But, in summary, the measurement from the nut to the 12th fret is *always* half the scale length. The bridge must be placed at the scale length (ie as far away from the 12th fret as the nut it).
If you've got pickup cavities already in the wrong place, then you can always cap the guitar, and re-make them in the right place. Just need to be able to get the body/neck join in the right place so the 12th fret is mid-point of the scale length.

I never though about capping, that is an awesome idea. Thank you so much!

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Hi Erik,

I am not sure I entirely understand your dimensions. Are you saying that with the neck on the bridge to nut measurement is 2" more than it should be?

I really doubt that all is lost! The important thing is to remember that your 12th fret is exactly half way along the entire scale length. In other words, you need to be able to position the neck such that the 12th fret is equidistant from the nut and the bridge positions. If you can't move the bridge then you have to move the neck relative to the body, if you can't move the neck then you will have to adjust the bridge position. If you cant do either (if you have a set neck already glued in place) then you have to decide whether to save either the neck or the body.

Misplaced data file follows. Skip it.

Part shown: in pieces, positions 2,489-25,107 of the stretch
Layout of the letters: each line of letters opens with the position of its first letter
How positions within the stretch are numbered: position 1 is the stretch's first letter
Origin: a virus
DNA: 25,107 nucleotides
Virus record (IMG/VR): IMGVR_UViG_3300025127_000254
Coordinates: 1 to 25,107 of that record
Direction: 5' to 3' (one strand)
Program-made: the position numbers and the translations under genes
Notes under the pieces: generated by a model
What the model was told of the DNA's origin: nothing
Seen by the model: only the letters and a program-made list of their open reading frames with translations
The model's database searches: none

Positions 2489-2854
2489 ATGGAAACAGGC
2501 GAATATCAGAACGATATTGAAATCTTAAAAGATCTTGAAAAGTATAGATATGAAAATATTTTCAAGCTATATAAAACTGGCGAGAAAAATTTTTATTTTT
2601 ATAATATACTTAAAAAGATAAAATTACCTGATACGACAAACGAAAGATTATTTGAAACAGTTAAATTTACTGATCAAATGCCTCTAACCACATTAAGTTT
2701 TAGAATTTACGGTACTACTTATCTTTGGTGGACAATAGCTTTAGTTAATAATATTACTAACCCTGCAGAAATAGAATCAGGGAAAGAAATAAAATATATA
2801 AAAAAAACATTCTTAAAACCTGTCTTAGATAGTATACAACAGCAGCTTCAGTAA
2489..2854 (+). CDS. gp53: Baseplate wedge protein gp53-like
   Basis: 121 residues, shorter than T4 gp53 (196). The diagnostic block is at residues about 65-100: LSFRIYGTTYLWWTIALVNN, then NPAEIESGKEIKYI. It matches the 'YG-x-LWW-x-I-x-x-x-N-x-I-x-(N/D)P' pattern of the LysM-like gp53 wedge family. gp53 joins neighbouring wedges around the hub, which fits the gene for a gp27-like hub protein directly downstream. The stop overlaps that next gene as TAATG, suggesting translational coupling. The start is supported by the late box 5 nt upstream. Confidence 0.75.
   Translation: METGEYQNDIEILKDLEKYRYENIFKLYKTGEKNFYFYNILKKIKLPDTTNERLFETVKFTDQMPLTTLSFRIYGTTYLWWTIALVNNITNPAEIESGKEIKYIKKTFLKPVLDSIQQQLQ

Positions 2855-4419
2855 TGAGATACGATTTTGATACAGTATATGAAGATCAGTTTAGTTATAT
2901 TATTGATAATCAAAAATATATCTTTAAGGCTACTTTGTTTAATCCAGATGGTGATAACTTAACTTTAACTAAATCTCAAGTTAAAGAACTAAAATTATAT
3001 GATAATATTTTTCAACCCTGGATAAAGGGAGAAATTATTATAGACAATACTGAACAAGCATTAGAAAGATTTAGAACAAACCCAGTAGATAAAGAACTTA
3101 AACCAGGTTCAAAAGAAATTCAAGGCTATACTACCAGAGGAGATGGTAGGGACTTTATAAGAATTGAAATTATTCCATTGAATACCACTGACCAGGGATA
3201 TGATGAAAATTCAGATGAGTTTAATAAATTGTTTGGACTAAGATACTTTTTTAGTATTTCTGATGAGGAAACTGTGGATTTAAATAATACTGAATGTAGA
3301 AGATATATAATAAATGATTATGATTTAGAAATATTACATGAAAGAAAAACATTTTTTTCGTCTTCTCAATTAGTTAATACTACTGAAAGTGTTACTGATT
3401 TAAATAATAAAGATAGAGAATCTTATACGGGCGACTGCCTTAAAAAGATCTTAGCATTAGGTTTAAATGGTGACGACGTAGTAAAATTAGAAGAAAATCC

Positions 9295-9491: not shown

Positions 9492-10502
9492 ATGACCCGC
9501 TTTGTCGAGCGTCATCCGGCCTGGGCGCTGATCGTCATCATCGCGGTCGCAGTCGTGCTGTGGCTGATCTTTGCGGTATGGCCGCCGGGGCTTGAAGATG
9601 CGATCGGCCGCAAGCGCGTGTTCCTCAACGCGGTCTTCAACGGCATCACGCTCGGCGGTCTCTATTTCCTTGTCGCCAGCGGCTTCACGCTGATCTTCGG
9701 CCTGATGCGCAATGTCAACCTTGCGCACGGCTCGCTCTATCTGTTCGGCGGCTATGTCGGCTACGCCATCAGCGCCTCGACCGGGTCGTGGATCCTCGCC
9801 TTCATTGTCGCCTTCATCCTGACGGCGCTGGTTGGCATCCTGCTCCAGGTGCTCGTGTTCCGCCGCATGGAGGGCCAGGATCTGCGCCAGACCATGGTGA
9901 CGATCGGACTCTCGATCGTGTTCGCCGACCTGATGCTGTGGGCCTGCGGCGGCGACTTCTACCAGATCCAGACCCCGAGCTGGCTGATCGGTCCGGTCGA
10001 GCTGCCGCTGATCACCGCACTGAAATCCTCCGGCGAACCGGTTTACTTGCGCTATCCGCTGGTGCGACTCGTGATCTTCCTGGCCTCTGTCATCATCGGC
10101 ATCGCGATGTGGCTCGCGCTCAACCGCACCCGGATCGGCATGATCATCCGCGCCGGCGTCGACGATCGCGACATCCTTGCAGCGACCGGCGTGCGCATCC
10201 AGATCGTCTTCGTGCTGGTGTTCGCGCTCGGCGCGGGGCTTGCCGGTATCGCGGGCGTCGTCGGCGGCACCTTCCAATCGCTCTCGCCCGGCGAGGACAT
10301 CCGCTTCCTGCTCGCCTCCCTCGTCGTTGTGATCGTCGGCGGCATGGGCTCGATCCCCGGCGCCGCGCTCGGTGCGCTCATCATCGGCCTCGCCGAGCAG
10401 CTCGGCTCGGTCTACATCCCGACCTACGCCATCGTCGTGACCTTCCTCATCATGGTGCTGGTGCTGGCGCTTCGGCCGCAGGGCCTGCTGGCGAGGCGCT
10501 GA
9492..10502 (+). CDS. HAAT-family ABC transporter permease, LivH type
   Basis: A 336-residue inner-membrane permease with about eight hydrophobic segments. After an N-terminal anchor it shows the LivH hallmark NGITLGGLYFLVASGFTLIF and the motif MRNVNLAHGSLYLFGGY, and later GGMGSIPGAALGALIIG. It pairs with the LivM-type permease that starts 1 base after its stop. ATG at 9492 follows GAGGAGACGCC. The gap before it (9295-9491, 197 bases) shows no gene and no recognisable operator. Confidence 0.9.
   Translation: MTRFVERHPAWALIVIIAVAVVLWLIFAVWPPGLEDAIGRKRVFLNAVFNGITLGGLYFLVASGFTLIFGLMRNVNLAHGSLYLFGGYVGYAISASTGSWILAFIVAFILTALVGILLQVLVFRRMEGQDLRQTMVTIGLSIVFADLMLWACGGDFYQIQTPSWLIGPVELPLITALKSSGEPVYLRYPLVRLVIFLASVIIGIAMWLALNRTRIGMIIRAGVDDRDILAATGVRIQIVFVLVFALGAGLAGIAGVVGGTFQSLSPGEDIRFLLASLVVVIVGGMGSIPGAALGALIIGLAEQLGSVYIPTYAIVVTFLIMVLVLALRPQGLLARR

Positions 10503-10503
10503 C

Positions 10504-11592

Darren

Hi Darren,

Thank you for your reply, I am going to post pictures later tonight to give a better idea of what is wrong with the guitar. I appreciate the optimism, but this seems like it is going to take a miracle to fix this one. It is a bolt on neck but I am completely open to make a set neck if that will fix it.

Erik

@luthierik
These are just the kind of puzzles that I like. My thoughts so far are to make a new neck of a scale length to fit your body. Then make a new body to fit your 24.5" neck. Given the dimensions the cutouts and bridge position on your existing body, I'm sure we could figure out what scale length would match it. Once you've posted your photos, I'm sure there will be lots of advice heading your way.

Thanks Robin!

I am glad to be a part of this amazing community, pictures coming soon.

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Topic starter
PXL 20210401 220646597
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PXL 20210401 220659006

Hi Everyone, 

Here are the pictures with a tape measure, hopefully they are clear enough to get a good idea. They were taken with my phone.

Ahhhhh - that's some beautiful work!

The problem is - I think - the placement of the bridge mounting holes (and bridge pickup cavity). Unless it's a perspective effect from the photos, when comparing the placement of the bridge holes against a standard 335, yours appear to be a lot closer to the end of the body. Also looks like there's a lot more space between the two pickup cavities than on the standard 335.

You're either going to have to bring the neck further into the body (by about 2"), or make a neck with a scale length closer to a baritone length.